Though beautifully staged and performed, Saved at the Peacock is no easy ride. Review by Colin Murphy
Black Snake Moan, a tale of a God-fearing backwoodsman who tries to teach the village nymphomaniac the error of her ways, starts off well but descends into laughable farce, while My Best Friend is pleasantly predictable. By Declan Burke
The Abbey Theatre is, as ever, consistent in its unwavering approach to performance scheduling. It tends to dominate the early part of the calendar year with an assortment of adventurous playwriting and sumptuous visual productions. Come the summer months and it inevitably grows more conservative, regularly portraying works from the cavernous back catalogue of literary masters. The summer fades and autumn draws forth the interesting a new once again – culminating in the fringe and theatre festivals were their unorthodox variety of the fresh and the bold.
Thomas Brezing is one of those rare contemporary artists who forges an inner connection between art and life and “becomes answerable through and through”, as Russian philosopher Mikhail Bakhtin once challenged artists to do. Brezing's sense of answerability extends beyond his individual actions to those of Germany, the country in which he was born. He lays bare his sense of complicity in the horrors of the Nazi era. Whether by default or blood lines, German history is under his skin.
Colin Murphy speaks to theatre director Bisi Adigun about ‘intercultural Ireland', making Christy Mahon Nigerian and the troubled end to his stint on RTÉ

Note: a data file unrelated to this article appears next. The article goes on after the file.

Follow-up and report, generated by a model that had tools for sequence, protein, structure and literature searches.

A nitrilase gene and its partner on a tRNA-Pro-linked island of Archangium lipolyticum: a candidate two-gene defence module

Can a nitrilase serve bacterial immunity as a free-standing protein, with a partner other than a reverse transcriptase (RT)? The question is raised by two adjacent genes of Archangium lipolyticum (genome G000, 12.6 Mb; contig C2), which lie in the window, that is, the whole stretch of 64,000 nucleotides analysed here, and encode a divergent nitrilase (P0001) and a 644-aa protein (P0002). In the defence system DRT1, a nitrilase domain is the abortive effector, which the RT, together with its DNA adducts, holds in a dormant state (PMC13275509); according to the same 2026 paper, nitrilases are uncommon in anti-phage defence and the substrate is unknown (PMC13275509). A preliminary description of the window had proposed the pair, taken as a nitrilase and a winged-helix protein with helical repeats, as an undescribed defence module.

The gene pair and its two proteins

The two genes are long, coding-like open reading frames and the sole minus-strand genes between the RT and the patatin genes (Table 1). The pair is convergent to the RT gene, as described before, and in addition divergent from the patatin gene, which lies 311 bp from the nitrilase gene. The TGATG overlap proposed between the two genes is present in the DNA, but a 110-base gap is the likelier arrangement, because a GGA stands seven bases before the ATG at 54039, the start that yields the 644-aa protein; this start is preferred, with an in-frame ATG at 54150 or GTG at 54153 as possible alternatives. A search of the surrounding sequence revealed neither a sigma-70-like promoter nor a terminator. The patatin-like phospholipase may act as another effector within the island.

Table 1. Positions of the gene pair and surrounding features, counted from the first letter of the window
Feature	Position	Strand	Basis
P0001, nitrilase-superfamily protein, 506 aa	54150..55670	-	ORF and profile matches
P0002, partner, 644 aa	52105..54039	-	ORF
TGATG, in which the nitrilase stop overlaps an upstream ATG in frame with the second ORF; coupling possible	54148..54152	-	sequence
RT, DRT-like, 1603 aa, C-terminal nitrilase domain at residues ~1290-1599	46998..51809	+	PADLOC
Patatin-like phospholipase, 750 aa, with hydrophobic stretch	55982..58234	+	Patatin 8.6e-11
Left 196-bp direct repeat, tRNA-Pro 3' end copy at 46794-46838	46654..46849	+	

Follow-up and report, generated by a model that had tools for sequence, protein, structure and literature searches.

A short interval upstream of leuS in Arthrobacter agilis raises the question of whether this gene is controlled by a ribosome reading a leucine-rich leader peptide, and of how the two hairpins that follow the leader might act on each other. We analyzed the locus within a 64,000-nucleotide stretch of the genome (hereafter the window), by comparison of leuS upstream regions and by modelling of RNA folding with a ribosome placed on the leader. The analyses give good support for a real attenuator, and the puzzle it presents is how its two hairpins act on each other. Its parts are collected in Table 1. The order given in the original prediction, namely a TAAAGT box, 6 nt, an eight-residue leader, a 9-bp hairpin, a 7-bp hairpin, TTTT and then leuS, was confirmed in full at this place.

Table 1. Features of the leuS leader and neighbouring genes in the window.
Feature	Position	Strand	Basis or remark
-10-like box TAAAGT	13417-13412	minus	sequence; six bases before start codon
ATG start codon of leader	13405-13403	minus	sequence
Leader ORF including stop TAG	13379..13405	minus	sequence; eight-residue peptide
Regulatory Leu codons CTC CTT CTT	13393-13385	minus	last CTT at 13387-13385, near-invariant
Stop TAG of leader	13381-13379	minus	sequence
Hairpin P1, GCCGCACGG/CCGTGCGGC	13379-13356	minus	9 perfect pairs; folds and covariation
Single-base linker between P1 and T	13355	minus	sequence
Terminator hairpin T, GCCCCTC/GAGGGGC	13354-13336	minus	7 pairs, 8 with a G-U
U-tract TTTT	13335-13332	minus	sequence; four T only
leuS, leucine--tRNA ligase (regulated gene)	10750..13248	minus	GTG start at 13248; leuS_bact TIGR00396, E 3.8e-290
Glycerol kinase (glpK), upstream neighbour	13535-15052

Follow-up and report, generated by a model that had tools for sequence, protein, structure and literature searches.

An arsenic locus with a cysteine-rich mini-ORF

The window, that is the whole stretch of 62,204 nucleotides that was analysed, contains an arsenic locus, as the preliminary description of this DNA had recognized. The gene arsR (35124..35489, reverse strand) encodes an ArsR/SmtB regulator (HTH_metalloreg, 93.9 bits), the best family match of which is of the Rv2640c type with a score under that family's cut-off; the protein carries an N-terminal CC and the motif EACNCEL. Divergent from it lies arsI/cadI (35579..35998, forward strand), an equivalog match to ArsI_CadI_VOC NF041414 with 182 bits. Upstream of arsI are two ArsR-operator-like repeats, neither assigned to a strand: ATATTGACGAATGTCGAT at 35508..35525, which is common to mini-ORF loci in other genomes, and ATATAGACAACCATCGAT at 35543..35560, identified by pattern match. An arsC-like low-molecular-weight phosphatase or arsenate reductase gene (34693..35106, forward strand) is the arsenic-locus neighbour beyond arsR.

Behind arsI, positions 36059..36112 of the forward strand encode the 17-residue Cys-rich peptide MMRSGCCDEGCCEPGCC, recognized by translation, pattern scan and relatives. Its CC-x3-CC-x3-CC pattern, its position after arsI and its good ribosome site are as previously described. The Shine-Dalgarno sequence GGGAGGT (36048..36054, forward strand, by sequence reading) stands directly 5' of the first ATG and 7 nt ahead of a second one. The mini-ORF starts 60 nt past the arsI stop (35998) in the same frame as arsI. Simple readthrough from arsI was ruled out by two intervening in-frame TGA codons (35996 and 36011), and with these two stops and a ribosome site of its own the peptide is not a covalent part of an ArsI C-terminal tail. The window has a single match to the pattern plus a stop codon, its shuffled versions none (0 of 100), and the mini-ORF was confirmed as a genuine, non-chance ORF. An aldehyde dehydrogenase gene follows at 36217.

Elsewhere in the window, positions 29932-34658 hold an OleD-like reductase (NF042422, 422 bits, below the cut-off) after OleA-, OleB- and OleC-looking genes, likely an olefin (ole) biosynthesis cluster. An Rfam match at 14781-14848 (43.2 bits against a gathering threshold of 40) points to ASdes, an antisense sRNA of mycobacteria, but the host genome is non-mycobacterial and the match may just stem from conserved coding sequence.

There is old-time, small-town humour and song on stage at the Abbey. What happened to the Billy Roche play, wonders Colin Murphy
Naomi Watts's character is punished for her infidelities in a faithful adaptation of Somerset Maugham's The Painted Veil, while the director and writer of Fast Food Nation push their agenda down our throats. By Declan Burke
Tom Rowe recounts his 'journey' through Europe in the mobile cinematic experience of Cargo Sofia which runs until Friday 4 May from St. Georges Dock in Dublin.
A relatively short three-act play, Dublin Carol by Conor McPherson explores family life through the prism of alcohol abuse. The current production by the Everyman Palace Theatre group is handled with adroit care. Staged in the very small ‘theatre' section of Andrew's Lane in Dublin, it consists of no more than a fourth-wall viewing of a tiny funeral home office where the action takes place on a single Christmas Eve.
An ill-fated love story from ancient Greece is the subject of Michael Kane's latest exhibition at the Rubicon Gallery. For much of the artist's career, spanning some 40 years, his work has been largely figurative, expressionistic in style and marked by a unique amalgam of influences from Greek and Roman mythology, an intimacy with the architecture and nature of Dublin city, and personal admissions regarding socio-political stance and religious dogma.